It’s no secret that Italy’s myriad of pasta shapes each has its own strengths, often associated with the types of sauce they’re meant to carry. But how do they pair up with other common ingredients?
Here we’ll give you the lowdown on the best pasta shapes to complement fish, seafood, meat, cheese, and a special bonus section on stuffed pastas.
Pasta with fish and seafood
There’s really no point serving most seafood if it isn’t going to be the hero of the dish. For that reason, the ideal pastas are those that are light, delicate and unobtrusive. Pastas like...
Linguine is incredibly versatile and a typical pasta for serving with pesto (as with this recipe here), but its thin and flat shape is perfect for getting well coated in the oils and flavours of fish and seafood. That’s why it’s the Italian coastline’s go-to pasta for serving with clams, mussels and shrimp, often with a creamy sauce and a glass of chilled white wine. You can’t go wrong starting with this recipe for linguine and swordfish.
Spaghetti is a classic not always associated with fish, but the two pair well for all the same reasons as seafood and linguine. It’s relatively light and takes a coat of fishy flavour well, although its rounder shape means it packs more of a bite than linguine, especially when cooked al dente. Try it with clams by following this iconic recipe here, and don’t hesitate to sub the spaghetti for angel’s hair or capellini if you want something similar but more delicate.
Pasta with meat
The secret to a good meat pasta is restraint. Unlike fish and seafood, meat is often used in a supporting role, used as much for its texture as its flavour. Use it sparingly to subtly enhance each bite. These pasta shapes work especially well.
Tubular penne is the king of sauce-holding pasta shapes. It gobbles up tomato sauce effortlessly before you get stuck into it, as you’ll discover just one bite into this spicy arrabbiata recipe. Of course, unlike macaroni (or maccheroni, to give it its original Italian name), the hole surging through each piece of penne is wide enough to take in plenty of small meat pieces too, from minced beef to diced pancetta or lardons. If you do want to ignore the advice above and get greedy with your meat, penne is the shape for you.
We’ve already mentioned spaghetti for serving with fish and seafood, but it’s the noodle’s very versatility that makes it one of the best loved pastas out there. It isn’t just great coated in sauce, but topped with a generous dollop of the stuff – as any good spaghetti bolognese will attest to. However, while you’ll never find us turning noses up at a classic bolognese, our favourite spaghetti and meat dish is surely this spaghetti carbonara with guanciale (a fatty and delicious cut of pork taken from the pig’s cheek).
Speaking of bolognese, why not try this ragu bolognese with tagliatelle recipe courtesy of top chef Alberto Bettini? Tagliatelle doesn’t just carry meaty sauces well, but it’s also one of the easiest pastas to make fresh at home. Almost as easy as...
Don’t get us wrong, we love a veggie lasagne as much as the next guy, but the classic al forno (with meat) is comfort food at its very best. You just can’t beat minced beef and onions in a simple sauce made with the best quality tomatoes. Learn to make correctly with this lasagna bolognese recipe.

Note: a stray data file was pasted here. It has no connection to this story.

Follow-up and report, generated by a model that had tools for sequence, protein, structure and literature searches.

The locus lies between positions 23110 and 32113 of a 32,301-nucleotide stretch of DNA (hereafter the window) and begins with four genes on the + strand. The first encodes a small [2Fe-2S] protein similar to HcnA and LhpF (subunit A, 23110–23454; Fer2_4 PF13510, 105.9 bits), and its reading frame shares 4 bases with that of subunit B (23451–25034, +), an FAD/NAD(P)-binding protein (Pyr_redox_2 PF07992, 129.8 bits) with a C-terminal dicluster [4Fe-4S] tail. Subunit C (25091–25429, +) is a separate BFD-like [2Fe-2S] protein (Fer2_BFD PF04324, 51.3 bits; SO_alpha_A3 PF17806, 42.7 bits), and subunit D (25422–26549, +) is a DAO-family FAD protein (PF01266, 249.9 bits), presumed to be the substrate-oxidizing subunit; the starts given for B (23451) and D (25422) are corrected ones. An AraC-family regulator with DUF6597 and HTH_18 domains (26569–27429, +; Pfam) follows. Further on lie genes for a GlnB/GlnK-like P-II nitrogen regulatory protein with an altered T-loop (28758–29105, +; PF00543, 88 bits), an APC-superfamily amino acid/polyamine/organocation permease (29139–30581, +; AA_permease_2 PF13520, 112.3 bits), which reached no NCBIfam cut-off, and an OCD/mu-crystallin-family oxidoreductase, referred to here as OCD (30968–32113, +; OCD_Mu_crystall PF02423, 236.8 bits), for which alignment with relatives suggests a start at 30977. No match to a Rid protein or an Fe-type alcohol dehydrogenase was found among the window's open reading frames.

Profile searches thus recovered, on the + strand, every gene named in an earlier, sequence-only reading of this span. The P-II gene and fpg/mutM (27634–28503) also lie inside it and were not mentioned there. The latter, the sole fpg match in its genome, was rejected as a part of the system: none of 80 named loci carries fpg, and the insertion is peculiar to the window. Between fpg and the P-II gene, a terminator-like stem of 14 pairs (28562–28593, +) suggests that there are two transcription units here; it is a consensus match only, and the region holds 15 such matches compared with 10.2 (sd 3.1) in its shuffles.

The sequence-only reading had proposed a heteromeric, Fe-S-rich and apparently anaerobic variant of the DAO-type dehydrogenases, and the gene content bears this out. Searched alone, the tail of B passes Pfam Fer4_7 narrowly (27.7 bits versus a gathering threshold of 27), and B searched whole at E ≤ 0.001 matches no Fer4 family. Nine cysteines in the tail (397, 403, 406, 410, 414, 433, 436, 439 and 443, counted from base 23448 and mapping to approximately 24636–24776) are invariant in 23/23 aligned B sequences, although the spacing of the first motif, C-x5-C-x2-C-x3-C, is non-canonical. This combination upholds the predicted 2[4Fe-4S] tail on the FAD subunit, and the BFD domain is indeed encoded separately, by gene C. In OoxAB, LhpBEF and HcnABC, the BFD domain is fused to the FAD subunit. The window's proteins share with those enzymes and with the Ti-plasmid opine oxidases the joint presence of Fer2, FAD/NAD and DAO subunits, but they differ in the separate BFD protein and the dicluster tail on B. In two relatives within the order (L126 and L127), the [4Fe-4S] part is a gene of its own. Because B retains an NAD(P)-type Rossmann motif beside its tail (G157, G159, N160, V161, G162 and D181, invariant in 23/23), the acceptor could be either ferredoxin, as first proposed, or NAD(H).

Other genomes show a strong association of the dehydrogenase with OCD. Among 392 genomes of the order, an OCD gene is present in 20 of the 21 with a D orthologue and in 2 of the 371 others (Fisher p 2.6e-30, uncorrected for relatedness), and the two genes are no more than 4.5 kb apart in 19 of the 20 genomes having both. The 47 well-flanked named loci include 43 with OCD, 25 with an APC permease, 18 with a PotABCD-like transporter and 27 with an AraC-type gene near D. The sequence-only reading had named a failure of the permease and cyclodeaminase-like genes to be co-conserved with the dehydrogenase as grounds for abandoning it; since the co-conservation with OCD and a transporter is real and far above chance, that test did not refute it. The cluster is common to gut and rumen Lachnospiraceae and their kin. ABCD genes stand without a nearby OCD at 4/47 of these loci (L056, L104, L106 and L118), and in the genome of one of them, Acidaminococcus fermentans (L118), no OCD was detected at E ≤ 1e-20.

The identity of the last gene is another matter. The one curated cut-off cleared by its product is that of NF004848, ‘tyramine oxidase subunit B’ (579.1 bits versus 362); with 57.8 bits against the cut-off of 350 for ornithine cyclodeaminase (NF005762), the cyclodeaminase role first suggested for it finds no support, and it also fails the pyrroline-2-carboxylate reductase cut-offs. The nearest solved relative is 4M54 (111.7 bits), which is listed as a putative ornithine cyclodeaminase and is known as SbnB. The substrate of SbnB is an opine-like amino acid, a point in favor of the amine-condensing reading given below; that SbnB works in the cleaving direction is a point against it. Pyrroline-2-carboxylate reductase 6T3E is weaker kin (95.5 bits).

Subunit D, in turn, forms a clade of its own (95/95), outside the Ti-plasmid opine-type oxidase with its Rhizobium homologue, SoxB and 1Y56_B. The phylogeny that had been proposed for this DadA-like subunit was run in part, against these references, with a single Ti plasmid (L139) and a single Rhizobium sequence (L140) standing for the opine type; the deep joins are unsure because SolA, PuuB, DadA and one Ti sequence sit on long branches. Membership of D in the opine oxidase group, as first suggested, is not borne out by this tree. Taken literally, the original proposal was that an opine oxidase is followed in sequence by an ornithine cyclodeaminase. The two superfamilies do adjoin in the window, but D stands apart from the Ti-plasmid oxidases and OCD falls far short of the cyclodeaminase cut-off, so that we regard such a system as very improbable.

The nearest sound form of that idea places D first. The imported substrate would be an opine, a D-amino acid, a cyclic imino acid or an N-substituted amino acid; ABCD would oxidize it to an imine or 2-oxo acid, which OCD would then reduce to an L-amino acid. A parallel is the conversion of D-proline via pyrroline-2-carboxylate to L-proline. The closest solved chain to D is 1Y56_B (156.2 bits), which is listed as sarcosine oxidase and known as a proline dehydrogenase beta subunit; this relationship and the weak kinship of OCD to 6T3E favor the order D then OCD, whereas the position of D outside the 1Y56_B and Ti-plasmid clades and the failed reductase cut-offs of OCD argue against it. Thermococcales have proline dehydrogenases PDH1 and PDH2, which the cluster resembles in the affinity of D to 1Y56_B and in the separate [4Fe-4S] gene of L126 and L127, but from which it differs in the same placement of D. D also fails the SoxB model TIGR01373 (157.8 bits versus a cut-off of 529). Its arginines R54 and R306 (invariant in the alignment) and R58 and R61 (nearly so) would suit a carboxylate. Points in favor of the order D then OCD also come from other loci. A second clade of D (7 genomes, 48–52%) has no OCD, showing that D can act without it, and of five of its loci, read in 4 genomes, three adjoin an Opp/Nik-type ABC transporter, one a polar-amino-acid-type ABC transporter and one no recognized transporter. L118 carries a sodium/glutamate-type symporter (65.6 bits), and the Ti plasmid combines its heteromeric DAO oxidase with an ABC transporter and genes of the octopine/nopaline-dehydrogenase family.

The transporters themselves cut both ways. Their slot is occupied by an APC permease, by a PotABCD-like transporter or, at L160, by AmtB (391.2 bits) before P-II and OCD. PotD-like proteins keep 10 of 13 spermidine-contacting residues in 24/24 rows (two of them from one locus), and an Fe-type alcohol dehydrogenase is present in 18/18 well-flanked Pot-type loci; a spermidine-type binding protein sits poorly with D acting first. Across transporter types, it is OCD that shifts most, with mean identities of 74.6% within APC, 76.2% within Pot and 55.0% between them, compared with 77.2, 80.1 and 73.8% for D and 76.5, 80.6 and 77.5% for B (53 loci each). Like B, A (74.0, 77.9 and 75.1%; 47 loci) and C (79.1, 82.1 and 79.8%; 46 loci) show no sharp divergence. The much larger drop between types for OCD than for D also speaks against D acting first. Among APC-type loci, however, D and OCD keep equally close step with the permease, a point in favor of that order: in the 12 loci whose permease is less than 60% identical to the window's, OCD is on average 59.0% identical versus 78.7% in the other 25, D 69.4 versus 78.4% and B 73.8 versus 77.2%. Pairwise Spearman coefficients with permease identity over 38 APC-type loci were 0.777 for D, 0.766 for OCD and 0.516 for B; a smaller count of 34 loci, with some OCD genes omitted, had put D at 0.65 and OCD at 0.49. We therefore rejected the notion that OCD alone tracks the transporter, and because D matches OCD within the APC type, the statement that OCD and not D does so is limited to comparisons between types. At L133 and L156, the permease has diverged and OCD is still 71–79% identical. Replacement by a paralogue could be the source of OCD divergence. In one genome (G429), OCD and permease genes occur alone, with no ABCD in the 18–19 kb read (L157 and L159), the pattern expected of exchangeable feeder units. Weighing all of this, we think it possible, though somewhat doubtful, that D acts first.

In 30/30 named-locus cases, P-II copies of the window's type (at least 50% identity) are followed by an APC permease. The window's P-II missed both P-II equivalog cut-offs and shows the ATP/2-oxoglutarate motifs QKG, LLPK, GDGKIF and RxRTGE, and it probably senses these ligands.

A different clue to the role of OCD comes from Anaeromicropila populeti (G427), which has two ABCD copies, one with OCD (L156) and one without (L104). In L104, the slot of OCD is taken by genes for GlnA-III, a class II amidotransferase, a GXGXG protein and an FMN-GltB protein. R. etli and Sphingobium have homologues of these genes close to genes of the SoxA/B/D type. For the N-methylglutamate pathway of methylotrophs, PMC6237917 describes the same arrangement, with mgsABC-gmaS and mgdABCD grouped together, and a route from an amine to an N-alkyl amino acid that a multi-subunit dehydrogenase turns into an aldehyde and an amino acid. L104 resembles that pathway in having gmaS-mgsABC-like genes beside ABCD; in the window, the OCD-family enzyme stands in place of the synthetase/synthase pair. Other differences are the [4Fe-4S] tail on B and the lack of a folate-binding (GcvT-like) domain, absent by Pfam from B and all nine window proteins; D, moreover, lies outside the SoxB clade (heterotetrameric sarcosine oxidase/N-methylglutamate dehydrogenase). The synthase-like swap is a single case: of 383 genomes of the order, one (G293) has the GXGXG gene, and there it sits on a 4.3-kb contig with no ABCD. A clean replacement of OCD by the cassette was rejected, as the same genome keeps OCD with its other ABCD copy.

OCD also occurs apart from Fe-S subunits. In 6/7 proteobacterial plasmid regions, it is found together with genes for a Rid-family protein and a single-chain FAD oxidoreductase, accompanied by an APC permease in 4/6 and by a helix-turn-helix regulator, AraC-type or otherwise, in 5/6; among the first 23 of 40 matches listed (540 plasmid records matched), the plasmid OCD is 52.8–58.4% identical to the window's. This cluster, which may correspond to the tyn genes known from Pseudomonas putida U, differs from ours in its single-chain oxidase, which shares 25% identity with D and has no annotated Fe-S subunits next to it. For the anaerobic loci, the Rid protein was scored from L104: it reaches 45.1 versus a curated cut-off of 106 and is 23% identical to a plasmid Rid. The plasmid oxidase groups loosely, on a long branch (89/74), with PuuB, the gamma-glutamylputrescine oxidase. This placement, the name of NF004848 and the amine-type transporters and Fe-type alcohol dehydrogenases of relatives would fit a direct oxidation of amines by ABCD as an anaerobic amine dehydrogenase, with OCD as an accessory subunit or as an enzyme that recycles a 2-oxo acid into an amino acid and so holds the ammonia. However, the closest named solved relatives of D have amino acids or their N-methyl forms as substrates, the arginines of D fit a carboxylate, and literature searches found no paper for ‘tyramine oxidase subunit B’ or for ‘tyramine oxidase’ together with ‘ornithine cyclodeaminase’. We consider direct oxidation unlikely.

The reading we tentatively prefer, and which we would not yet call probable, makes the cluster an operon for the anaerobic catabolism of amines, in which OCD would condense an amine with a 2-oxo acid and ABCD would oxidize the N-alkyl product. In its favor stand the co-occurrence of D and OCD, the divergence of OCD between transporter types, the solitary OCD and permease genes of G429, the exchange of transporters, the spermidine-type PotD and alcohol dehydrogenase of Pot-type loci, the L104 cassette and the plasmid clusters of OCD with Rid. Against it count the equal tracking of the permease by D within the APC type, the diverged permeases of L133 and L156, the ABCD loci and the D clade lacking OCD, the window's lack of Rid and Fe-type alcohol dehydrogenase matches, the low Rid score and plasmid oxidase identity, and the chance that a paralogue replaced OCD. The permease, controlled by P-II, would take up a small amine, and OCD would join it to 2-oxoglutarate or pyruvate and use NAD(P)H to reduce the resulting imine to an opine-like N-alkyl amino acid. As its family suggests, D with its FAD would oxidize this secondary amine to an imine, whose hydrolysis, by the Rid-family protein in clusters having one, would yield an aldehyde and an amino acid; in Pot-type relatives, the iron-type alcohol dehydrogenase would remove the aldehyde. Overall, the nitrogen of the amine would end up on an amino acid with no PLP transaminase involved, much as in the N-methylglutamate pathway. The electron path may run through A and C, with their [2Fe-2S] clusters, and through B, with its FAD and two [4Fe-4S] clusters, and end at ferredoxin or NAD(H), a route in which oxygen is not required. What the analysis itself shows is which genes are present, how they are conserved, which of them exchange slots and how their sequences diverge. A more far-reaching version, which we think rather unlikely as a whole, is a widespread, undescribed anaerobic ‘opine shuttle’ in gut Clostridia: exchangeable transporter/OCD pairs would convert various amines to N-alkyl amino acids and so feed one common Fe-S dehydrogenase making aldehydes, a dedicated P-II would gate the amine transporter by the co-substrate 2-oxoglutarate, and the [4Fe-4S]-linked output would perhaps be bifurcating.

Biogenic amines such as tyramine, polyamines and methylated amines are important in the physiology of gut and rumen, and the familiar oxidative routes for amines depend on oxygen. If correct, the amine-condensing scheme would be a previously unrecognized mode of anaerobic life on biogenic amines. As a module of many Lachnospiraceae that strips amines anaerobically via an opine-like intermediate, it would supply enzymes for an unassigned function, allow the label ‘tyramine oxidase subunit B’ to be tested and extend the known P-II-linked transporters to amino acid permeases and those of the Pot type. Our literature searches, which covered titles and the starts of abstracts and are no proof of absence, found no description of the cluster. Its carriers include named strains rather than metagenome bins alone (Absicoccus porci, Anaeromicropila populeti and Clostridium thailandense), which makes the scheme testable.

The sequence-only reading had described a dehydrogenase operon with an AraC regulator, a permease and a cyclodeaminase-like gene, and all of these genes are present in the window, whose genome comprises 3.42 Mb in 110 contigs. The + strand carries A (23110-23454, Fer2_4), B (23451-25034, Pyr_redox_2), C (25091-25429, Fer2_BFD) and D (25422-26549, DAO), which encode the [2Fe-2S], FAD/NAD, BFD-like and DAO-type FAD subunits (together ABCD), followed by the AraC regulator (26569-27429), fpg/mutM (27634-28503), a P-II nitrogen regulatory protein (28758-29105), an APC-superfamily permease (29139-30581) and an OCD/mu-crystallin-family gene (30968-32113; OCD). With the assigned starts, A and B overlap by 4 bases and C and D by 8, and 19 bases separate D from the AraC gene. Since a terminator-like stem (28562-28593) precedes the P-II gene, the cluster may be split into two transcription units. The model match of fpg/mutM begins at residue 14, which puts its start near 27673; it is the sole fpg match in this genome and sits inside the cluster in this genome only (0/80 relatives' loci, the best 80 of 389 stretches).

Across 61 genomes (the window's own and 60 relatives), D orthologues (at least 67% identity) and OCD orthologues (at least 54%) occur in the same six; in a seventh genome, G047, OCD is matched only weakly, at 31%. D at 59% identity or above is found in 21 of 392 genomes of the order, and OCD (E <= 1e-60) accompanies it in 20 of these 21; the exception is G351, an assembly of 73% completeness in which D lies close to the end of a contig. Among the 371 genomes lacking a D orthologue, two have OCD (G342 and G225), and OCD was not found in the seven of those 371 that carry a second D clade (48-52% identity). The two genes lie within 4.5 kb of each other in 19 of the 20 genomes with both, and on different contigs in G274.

Pasta with Cheese
Step one: pick your cheese. Or better still, pick your cheeses, plural. Step two: pick a pasta shape that will give you the highest possible cheese to pasta ratio.
Known to children around the English-speaking world as 'pasta bowties', farfalle come in the shape of… well… bowties. (Honestly, the resemblance is so uncanny it’s a wonder why these aren’t called cravattino.) Farfalle is often the hero in pasta salads because it’s short, holds its own once cooled without clumping together, and it’s easy to stab a fork through while picking up some of the non-pasta ingredients. However, where farfalle really excels is in carrying creamy, cheesy sauces without being catapulted off a spaghetti strand or shot out of a penne cannon.
Sometimes you don’t just want your pasta to carry and complement the rest of the dish, but to completely envelop it. Stuffed pastas are perfect for when you unapologetically want the pasta itself to be the undisputed hero.
No surprises here. Ravioli are about as simple as stuffed pasta gets and almost always the first stuffed variety attempted by those learning to make pasta at home. These simple envelopes filled with meat, cheese or vegetables are unspectacular, but always easy to make, quick to cook, and, of course, delicious to eat. Why not try these beauties stuffed with ricotta cheese and wild herbs?
Nothing against ravioli, but surely we can all agree that tortellini make for a more beautiful meal? The shape is less stuffed envelope and more puffed cushion, folded and curled into a crescent that looks enticing enough to sleep on. They’re often stuffed with meat and served in a thin broth – as with this recipe here – providing a punch of flavour and texture.
Not to be confused with its smaller sibling, tortelloni aren’t just larger than tortellini, but used differently too. Traditionally, the filling inside is typically vegetarian – often a mixture of cheeses, herbs and vegetables – often served with a light sauce, sage butter, or just a sprinkling of cheese. Naturally, these appetising parcels also lend themselves to a lot of imaginative takes on Italian cuisine, as with this recipe for ricotta and pumpkin tortelloni served with butter and black truffle.
These are simply huge tubes of pasta (picture giant pennes) that are usually treated like a lasagne – in other words, baked in a large dish with cheese or sauce (or both) on top. The difference, of course, is that the pasta shapes are stuffed rather than layered – the classic filling being ricotta and spinach, as demonstrated in this recipe here.